Archive for February, 2010

Jay Reatard

Sunday, February 14th, 2010


It’s been a month since the Memphis garage maestro died and I’m still recalling all the raging records he left behind. I remember the first time I heard The Reatards, blown away by the intensity and freshness he brought to the safe, conventional confines of the garage punk scene. Jay really took it to the next level and influenced a whole generation of in-the-red ragers as a mere teenager. He continued to evolve and was never afraid to push into new territory, as demonstrated with the darkwave synthpunk of the Lost Sounds, or the jerky, angular postpunk of Nervous Patterns and Angry Angles. Even his last solo release, Watch Me Fail, the most polished and commercial album of his career, his masterful combination of KBD-style primitive punk and classic pop tweaked convention enough to make his music his own distinct beast. It’s ridiculous how many quality releases the guy had under his belt. It may have seemed like overkill at the time, but ya gotta be thankful for the massive back catalog he left behind without even reaching 30. Here are a few of my favorites…


The Reatards – “Blew My Mind”
The Reatards – “Sick When I See”
The Reatards – “Teenage Hate”

Final Solutions – “Eye Don’t Like You”

Nervous Patterns – “Beautiful Brutal”

Angry Angles – “Apparent-Transparent”

Lost Sounds – “Dark Shadows”
Lost Sounds – “You Don’t Know Remote Control”
Lost Sounds – “Black Flowers”

Best Singles & EPs of 2009

Monday, February 8th, 2010

Finally — the second installment of the NFZ Best of 2009. January was a blur and there were a lot more singles and EP releases to sort through, so it took a bit longer to narrow ‘em down to these ten…

1. Mayyors – Deads 12″ EP

After two hyper-hyped 7″ releases, it’s almost embarrassing to have this at the top of this list because it will no doubt go down as one of 2009′s most-hyped releases. But fuck, at first listen it’s clear what all the hype is about with this Sacramento noise punk crew. Taking a page from the intense short sharp shock style of no wave bands like Lake of Dracula and Curse of the Birthmark and channeling that noise into barely controlled bursts of melodic chaos, Deads is the best four songs this band has released so far. It’s scary to think about where they can go from here.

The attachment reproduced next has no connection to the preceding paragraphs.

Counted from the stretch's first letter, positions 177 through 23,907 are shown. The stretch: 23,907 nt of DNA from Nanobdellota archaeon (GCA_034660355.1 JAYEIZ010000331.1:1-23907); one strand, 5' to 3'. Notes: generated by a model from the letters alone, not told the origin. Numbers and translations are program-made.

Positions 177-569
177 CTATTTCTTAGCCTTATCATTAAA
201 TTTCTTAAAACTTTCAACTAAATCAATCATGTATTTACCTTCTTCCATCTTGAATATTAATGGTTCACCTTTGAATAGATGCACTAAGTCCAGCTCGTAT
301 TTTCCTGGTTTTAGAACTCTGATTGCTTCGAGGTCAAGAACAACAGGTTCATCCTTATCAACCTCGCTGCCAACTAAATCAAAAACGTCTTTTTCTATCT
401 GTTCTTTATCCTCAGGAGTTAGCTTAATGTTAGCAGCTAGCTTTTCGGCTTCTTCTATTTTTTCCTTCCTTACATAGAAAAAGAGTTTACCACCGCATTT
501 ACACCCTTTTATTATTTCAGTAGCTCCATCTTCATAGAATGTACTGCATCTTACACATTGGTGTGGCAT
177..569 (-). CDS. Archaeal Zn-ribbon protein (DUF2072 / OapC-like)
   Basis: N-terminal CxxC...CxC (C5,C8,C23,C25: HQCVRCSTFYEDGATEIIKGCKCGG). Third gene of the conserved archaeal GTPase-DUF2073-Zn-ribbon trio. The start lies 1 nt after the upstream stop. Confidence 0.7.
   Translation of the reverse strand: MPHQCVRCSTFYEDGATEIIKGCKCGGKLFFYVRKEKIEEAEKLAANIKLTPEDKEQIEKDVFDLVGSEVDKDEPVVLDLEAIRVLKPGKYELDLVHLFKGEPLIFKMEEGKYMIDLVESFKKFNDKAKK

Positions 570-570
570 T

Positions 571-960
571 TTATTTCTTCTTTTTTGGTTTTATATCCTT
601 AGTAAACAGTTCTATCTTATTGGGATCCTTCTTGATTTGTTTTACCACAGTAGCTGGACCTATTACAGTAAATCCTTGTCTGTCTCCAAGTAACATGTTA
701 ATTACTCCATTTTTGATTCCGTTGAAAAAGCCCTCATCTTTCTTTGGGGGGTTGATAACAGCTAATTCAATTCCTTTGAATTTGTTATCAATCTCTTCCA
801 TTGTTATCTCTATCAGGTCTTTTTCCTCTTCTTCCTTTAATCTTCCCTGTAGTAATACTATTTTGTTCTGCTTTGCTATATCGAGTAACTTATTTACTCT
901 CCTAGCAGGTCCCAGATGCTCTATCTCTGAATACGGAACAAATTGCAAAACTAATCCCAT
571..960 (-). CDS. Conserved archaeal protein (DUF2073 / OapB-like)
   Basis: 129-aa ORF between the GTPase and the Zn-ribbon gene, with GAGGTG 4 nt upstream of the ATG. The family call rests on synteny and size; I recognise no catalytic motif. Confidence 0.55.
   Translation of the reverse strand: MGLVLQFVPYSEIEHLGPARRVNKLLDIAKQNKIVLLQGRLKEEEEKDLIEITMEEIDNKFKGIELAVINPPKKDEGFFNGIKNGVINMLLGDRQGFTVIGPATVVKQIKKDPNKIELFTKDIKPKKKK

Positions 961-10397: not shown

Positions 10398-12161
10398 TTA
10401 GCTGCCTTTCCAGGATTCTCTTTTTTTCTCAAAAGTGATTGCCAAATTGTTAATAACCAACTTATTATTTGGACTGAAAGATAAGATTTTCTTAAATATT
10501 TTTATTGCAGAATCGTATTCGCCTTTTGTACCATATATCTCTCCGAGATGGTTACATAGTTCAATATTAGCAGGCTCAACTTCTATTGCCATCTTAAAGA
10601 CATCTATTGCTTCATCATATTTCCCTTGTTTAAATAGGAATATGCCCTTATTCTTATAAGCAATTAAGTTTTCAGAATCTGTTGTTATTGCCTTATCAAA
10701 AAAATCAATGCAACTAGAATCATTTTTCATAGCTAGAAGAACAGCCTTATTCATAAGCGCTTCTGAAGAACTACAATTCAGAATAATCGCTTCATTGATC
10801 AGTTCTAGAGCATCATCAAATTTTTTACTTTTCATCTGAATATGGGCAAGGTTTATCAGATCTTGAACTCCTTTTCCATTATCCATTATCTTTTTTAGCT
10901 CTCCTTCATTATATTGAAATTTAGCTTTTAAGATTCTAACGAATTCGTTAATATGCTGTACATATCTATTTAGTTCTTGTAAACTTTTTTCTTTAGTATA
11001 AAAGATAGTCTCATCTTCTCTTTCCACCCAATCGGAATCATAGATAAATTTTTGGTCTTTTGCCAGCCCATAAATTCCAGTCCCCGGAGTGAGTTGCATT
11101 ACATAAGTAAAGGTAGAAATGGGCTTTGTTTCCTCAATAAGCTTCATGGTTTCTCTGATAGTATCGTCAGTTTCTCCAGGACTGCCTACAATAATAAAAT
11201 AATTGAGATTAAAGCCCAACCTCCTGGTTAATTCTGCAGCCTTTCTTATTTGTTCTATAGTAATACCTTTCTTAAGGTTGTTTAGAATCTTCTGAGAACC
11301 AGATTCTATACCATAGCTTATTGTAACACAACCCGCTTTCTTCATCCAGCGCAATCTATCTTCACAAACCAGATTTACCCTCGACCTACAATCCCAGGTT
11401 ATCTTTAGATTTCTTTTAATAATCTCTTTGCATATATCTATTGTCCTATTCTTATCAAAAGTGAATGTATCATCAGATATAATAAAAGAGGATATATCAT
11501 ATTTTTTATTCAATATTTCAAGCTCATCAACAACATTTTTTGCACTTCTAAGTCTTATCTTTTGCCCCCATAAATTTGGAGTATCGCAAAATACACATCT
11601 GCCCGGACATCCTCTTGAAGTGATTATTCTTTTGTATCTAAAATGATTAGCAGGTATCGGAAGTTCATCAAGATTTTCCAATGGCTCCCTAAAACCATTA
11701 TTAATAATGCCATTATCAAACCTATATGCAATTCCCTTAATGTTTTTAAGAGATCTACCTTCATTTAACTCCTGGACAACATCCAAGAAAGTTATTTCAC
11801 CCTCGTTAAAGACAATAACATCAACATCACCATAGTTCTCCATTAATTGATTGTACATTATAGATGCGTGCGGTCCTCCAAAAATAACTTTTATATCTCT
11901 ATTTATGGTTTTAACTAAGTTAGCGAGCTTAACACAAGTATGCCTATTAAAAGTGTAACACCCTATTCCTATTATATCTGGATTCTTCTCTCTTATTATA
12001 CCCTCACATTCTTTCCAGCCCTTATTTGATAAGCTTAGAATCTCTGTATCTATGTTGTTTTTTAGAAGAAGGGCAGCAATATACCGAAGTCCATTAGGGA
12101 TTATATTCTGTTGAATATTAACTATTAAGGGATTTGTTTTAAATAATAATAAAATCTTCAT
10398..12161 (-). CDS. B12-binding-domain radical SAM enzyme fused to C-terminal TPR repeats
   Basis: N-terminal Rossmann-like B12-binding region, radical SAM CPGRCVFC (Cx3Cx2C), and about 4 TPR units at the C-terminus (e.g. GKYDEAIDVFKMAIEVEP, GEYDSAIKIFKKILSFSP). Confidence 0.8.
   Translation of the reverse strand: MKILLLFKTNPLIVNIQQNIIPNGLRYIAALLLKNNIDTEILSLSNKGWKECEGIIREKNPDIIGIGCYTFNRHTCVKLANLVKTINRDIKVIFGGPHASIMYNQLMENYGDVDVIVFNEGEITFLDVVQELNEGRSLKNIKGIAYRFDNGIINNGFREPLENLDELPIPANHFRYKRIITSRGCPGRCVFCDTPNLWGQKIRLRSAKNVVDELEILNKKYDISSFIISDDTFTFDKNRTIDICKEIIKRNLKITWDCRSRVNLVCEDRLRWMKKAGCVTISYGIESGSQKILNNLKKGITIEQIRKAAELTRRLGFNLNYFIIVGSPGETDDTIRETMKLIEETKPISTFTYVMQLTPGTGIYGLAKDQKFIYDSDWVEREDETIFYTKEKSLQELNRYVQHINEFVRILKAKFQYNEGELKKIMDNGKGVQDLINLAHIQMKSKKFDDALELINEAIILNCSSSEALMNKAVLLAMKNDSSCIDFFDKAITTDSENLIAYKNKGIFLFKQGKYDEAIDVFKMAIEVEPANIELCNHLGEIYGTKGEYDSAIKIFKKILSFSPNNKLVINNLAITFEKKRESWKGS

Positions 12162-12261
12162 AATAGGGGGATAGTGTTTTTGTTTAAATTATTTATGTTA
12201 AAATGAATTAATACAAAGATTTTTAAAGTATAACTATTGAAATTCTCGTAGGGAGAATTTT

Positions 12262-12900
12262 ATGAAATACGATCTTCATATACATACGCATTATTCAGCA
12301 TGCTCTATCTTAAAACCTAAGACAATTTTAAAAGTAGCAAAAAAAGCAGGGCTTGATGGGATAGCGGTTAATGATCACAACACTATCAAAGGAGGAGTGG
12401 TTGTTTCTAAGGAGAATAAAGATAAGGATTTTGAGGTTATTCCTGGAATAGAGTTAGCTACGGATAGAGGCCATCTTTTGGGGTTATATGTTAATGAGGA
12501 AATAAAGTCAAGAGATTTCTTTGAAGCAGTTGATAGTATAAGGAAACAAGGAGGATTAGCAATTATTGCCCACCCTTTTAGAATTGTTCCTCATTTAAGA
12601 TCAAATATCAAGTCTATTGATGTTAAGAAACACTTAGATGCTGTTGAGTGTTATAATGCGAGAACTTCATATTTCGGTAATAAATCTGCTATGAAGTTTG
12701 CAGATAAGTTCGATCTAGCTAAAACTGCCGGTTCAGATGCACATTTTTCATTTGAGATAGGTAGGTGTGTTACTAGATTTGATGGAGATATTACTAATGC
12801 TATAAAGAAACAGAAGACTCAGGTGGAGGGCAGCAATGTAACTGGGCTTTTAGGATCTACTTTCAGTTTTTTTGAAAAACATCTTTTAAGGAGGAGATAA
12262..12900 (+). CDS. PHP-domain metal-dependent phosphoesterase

2. Gary War - Galactic Citizens 12″ EP (Captured Tracks)
I finally caught up with this bedroom psych master this year, absorbing last year’s excellent New Raytheonport LP, so 2009′s Horribles Parade on the Sacred Bones label and this killer 12″ EP were at the top of my must-have list. While oddball bedroom psych pop is all the rage these days, with “groups” like Pink Noise, Ariel Pink, Blank Dogs, Dead Luke, Pink Reason, and tons of others pumping out cassettes and limited vinyl releases of lo-fi weirdness, Gary War’s output piles on way more weirdness than the others, who often offer little more than slightly tweaked pop songs. With layers and layers of effects and warbling out-of-left-field sounds piled on solid pop song structures, Gary War’s records reveal surprises with every listen.

3. The Fresh & Onlys – Horrible Door / Laughter is Contagious 7″ (Trouble In Mind)
This fairly new Oakland group launched into indie stardom with a slew of releases and numerous interviews in 2009 and it was this 45 from Chicago’s awesome Trouble in Mind label that made me a believer. Sort of in the realm of the Thee Oh Sees‘ modern blow-fi take on ’60s punk psych, the Fresh & Onlys concoct an addictive sonic stew that gets better with every listen.

4. Statues – We’re Disparate 7″ (P. Trash/House Party Records)